Christchurch • Since Mar 2007 • 8 posts Report Reply

  • Alastair Thompson,

    Perhaps more important are the right of an accredited reporter to be present in court during a criminal trial even when the public is excluded, and rights relating to the protection of sources in the Evidence Act.

    For clarity the definition of an "accredited" reporter is basically anyone that the registra says is one - the definition prorbably requires them to be nominated by a "recognised" media outlet or something like that.

    Graeme may be able to nail it down a bit more closely than that - i.e. is a judge able to decide whether a particular journalist should be accredited or not. They are most certainly able to find journalists (accredited our otherwise) in contempt and if they desire throw them in jail so far as I know.

    Accreditation is not therefore controlled by anyone in any formal manner.

    Wellington • Since Nov 2006 • 182 posts Report Reply

  • Russell Brown,

    P.P.S. The Press Council is not a limp rag. I expect it is the reason that North & South lost its editor recently - though I am willing to stand corrected. The timing of the departure was most certainly immediately following one of their most damning indictments. So far as most complainants are concerned all media supervision bodies appear limp-wristed. And that is as it should be. That's why we have free speech.

    No, but the PC doesn't have the statutory powers that the BSA does. And it took N&S a long time and some contrivance -- like pretending they weren't going to have an editor at all any more -- to get Robyn Langwell to go.

    Thanks for the comment, Al. That's fascinating.

    Auckland • Since Nov 2006 • 19116 posts Report Reply

  • Bernard Hickey,

    Alastair/Russell

    What are the risks of blogs/sites like ours joining the Press Council?
    Is it simply to avoid the sourges of the BCA and/or the devil we don't known in any new Internet regulator?

    Do we risk allowing the mainstream media to reverse-engineer standards/activities online?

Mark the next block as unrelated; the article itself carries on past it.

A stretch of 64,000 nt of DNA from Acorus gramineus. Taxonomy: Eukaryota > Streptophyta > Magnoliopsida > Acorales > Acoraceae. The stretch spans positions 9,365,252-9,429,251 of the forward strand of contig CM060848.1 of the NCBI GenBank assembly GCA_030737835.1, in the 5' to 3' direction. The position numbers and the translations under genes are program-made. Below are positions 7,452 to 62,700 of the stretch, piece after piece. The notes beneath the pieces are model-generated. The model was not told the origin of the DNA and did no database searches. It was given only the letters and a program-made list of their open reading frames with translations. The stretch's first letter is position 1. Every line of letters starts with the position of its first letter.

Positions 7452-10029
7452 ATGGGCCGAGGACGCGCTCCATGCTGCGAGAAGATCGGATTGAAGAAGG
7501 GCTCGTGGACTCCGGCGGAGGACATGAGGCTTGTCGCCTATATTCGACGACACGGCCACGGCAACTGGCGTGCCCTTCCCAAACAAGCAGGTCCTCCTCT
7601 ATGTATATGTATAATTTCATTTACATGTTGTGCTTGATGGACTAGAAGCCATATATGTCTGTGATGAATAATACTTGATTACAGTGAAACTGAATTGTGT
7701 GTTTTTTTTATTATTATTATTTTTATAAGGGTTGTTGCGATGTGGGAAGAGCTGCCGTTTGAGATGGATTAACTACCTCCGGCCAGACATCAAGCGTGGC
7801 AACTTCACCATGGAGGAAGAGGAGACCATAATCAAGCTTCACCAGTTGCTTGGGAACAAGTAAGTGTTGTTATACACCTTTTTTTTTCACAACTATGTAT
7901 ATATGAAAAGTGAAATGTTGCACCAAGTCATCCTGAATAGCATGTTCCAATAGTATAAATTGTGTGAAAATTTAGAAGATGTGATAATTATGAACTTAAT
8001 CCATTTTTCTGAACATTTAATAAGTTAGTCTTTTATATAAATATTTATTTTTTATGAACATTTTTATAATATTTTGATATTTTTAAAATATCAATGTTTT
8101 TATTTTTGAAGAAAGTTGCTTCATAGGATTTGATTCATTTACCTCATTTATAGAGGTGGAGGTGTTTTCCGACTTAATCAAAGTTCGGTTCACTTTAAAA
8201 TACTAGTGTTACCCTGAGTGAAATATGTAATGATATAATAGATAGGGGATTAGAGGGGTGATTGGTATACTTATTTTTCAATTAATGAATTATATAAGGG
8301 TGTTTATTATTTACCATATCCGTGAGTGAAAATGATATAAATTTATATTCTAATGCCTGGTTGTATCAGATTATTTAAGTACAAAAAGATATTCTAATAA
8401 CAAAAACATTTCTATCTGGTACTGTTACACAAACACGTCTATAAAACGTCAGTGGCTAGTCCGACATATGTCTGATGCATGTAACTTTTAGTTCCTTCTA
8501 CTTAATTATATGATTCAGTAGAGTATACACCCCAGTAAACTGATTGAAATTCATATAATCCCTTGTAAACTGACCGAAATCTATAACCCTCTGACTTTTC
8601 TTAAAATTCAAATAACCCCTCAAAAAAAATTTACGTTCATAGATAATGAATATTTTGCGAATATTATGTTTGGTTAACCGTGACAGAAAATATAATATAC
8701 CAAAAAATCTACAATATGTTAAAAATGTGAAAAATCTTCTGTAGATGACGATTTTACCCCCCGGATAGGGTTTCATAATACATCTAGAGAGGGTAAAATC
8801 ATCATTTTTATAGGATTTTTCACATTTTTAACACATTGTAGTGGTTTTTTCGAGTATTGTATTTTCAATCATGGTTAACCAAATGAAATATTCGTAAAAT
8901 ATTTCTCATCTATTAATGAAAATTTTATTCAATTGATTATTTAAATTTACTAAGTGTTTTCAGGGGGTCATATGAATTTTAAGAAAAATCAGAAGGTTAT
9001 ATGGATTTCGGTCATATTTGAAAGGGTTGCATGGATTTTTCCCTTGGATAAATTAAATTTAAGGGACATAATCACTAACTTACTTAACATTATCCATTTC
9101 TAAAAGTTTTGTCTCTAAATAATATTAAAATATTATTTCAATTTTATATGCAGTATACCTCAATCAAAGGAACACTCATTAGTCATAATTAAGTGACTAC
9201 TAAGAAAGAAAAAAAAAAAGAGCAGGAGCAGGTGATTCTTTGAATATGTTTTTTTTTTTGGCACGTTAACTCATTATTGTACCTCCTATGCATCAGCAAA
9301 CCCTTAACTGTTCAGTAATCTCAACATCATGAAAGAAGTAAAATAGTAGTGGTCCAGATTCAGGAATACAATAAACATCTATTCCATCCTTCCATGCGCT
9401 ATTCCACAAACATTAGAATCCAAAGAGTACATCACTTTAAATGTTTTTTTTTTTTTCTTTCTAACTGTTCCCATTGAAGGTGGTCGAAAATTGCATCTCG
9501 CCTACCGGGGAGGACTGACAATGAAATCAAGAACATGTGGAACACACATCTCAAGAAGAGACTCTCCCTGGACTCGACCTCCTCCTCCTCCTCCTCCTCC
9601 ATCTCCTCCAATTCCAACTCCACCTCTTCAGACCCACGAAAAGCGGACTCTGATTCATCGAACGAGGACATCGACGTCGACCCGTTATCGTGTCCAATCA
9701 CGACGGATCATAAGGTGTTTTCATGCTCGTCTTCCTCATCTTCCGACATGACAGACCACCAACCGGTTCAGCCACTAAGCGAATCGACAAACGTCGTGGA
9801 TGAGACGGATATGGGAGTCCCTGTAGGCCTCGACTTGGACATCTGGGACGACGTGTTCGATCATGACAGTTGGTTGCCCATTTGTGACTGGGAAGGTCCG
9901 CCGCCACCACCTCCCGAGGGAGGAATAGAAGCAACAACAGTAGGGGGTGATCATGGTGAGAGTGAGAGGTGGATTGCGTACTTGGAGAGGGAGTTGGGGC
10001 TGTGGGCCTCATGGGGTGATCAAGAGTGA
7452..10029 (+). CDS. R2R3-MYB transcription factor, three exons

Do we risk being dependent on the old guys to be part of the 'club'?

    Or is this just the price we all have to pay for the excesses of Cameron and co?

    cheers
    Bernard

    Since May 2008 • 12 posts Report Reply

  • Graeme Edgeler,

    Perhaps more significantly the upside of consenting to Press Council jurisdiction is that the complainant agrees at the outset not to pursue any other remedies.

    I thought they got rid of that. Particularly after the 2007 review by Ian Barker and Lew Evans noted:

    The Press Council often requires complainants to sign a waiver against bringing legal proceedings against the publication before a complaint will be considered. In New Zealand, complainants are asked to sign the waiver only if there is a possibility of legal action. Some 59% do not sign. We note that the APC has a similar requirement. We were told by the APC that nobody had ever tried to institute proceedings after having signed such a waiver. We heard impressive legal opinion to the effect that such a waiver would be likely to be held useless because it violates public policy.

    It's not listed in their process for complaining, noting the contrast with the process on the site of the Australian Press Council (which is similar in many respects).

    If I recall correctly, the National Business Review does not make itself subject to the Press Council.

    The Press Council disagrees, while noting The NBR * Accepts jurisdiction but does not contribute financially.

    Graeme may be able to nail it down a bit more closely than that - i.e. is a judge able to decide whether a particular journalist should be accredited or not.

    It is very much my understanding that it is informal - if you have a business card they'll probably let you (I believe Salient reporters have court reported on occasion) - but I note that DPF has been accredited on a number of occasions - including to the extent of live blogging, etc.

    Wellington, New Zealand • Since Nov 2006 • 3012 posts Report Reply

  • ScottY,

    I've been blogging for over 14 years and have never (knowingly) incurred the wrath of an MP.

    You can't be doing it right! :)

    This review is pretty much standard stuff from Simon Power. He's reacting to a couple of cases - in this case probably the Slater case.

    When the Waihopai trio were acquitted he rushed about demanding reports and law changes to prevent a further spate of vandal priests damaging intrastructure.

    And after the Weatherson case he rushed through changes to the law on provocation.

    Power seems like a man in a hurry. Never a good thing in a politician in my book.

    Yorke of The Atatu • Since Feb 2009 • 791 posts Report Reply

  • Ewan Morris,

    Graeme:

    It's not listed in their process for complaining

    Yes it is:

    12.In those cases where the circumstances suggest that the complainant may have a legally actionable issue, the complainant will be required to provide a written undertaking that s/he will not take or continue proceedings against the publication or journalist concerned.

    Since Nov 2006 • 31 posts Report Reply

  • Graeme Edgeler,

    Graeme ... Yes it is.

    Yes it is.

    Wellington, New Zealand • Since Nov 2006 • 3012 posts Report Reply